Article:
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2-D devices may be possible soon

Rice University scientists have come closer to creating two-dimensional electronics with a process to make patterns in atom-thick layers that combine a conductor and an insulator.

The materials at play – graphene and hexagonal boron nitride – have been merged into sheets and built into a variety of patterns at nanoscale dimensions.

Rice introduced a technique to stitch the identically structured materials together nearly three years ago. Since then, the idea has received a lot of attention from researchers interested in the prospect of building 2-D, atomic-layer circuits, said Rice materials scientist Pulickel Ajayan, who is one of the authors of the new work.

In particular, Ajayan noted that Cornell University scientists reported an advance late last year on the art of making atomic-layer heterostructures through sequential growth schemes. This week’s contribution by Rice offers manufacturers the possibility of shrinking electronic devices into even smaller packages.

Graphene-based electronics require similar, compatible 2-D materials for other components, and researchers have found hexagonal boron nitride (h-BN) works nicely as an insulator.

H-BN looks like graphene, with the same chicken-wire atomic array. The earlier work at Rice showed that merging graphene and h-BN via chemical vapor deposition (CVD) created sheets with pools of the two that afforded some control of the material’s electronic properties.

How to disinfect your home from flu and cold viruses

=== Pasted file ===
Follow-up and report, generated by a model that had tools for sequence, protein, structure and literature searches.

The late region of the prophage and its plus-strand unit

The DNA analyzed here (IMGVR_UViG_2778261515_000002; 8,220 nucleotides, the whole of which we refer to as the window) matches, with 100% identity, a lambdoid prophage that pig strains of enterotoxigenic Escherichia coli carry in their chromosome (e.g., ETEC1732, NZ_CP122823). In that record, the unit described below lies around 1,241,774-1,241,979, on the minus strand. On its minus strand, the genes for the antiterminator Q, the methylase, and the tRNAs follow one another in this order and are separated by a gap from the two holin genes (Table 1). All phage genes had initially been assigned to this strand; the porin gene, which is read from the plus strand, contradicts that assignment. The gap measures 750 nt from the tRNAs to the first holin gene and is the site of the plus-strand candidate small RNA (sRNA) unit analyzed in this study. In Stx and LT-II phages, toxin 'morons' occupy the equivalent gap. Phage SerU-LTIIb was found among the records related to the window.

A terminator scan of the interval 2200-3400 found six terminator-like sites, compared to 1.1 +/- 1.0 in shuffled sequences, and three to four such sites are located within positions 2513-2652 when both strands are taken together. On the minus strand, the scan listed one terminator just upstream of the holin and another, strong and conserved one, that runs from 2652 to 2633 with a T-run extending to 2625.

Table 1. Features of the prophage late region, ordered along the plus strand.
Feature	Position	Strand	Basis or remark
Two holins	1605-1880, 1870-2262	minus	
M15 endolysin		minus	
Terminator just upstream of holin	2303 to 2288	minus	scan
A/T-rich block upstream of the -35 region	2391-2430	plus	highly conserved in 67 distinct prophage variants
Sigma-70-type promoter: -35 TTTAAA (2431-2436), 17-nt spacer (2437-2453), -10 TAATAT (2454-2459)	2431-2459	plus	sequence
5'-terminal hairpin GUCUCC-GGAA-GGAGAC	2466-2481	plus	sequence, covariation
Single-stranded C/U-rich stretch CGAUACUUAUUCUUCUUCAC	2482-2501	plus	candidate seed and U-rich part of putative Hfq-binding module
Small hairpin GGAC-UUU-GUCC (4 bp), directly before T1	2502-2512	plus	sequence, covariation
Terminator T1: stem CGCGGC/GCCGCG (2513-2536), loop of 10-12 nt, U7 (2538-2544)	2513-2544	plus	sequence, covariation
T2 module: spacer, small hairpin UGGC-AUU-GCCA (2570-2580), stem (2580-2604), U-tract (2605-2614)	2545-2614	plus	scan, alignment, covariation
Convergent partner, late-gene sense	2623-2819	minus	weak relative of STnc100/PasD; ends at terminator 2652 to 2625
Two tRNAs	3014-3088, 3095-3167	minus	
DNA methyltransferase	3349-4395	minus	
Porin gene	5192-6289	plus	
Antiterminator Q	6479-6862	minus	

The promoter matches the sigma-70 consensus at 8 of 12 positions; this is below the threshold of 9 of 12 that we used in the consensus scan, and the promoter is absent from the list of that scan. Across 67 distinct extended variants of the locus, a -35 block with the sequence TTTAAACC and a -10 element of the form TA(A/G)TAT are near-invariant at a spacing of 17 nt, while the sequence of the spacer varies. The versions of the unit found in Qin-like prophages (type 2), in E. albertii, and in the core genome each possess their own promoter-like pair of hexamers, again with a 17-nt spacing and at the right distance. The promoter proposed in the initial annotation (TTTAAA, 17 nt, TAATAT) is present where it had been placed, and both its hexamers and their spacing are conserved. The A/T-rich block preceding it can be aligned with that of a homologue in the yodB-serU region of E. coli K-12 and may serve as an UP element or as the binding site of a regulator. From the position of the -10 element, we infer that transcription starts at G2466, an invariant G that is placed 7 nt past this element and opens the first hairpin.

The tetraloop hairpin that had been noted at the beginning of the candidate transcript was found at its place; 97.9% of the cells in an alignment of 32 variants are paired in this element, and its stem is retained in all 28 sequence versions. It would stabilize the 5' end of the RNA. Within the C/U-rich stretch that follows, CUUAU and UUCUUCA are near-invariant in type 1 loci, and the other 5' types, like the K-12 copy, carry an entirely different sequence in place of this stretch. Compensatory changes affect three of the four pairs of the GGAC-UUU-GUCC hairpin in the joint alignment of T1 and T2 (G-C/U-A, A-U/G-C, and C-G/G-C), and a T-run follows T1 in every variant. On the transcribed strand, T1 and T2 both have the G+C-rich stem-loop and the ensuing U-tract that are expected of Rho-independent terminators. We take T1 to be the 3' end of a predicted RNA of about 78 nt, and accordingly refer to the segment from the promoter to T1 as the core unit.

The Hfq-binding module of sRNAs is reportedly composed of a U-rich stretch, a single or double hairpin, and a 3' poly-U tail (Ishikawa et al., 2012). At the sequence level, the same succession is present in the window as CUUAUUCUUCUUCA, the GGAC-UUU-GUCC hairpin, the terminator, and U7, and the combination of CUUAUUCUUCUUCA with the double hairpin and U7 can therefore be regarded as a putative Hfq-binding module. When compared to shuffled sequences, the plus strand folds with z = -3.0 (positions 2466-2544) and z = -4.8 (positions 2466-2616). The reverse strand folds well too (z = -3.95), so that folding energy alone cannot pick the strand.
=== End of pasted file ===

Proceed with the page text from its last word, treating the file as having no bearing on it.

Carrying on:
A self-described germ freak has revealed that cold and flu viruses can stay alive on surfaces for up to three hours. And there are certain spots in our homes that are particularly infested. So click through the slideshow below to learn the 7 best ways to rid your house of what’s been “going around.”

Allison Janse, co-author of ‘The Germ Freak’s Guide To Outwitting Colds and Flu’, starts with advising people to throw disposable paper towels – use throw-away cleaning tools exclusively while there are sick people at home. If you do use a sponge or brush to wash dishes, clean these items in your dishwasher every day.

 Scrub the bathroom sink – this area is a flu and cold hotspot, so make sure to disinfect it well. Clean out the bowl, faucet and knobs with a disinfectant on a daily basis. And make sure to pay careful attention to a communal toothbrush holder, the Huffington Post reported.

 In fact, it’s best not to store your family’s toothbrushes together so there is no cross-contamination, and don’t share the toothpaste either. It goes without saying to replace your toothbrush or boil it in the microwave after your sickness as well. Lastly, don’t forget to wipe the bathroom’s light switch and doorknob.

Waste heat from cities affect temperature in many places

In a new study that shows the extent to which human activities are influencing the atmosphere, scientists have concluded that the heat generated by everyday activities in metropolitan areas alters the character of the jet stream and other major atmospheric systems.

This affects temperatures across thousands of miles, significantly warming some areas and cooling others, according to the study.

The extra “waste heat” generated from buildings, cars, and other sources in major Northern Hemisphere urban areas causes winter warming across large areas of northern North American and northern Asia.

Temperatures in some remote areas increase by as much as 1 degree Celsius (1.8 degrees Fahrenheit), according to the research by scientists at the Scripps Institution of Oceanography, University of California, San Diego; Florida State University; and theNational Center for Atmospheric Research.

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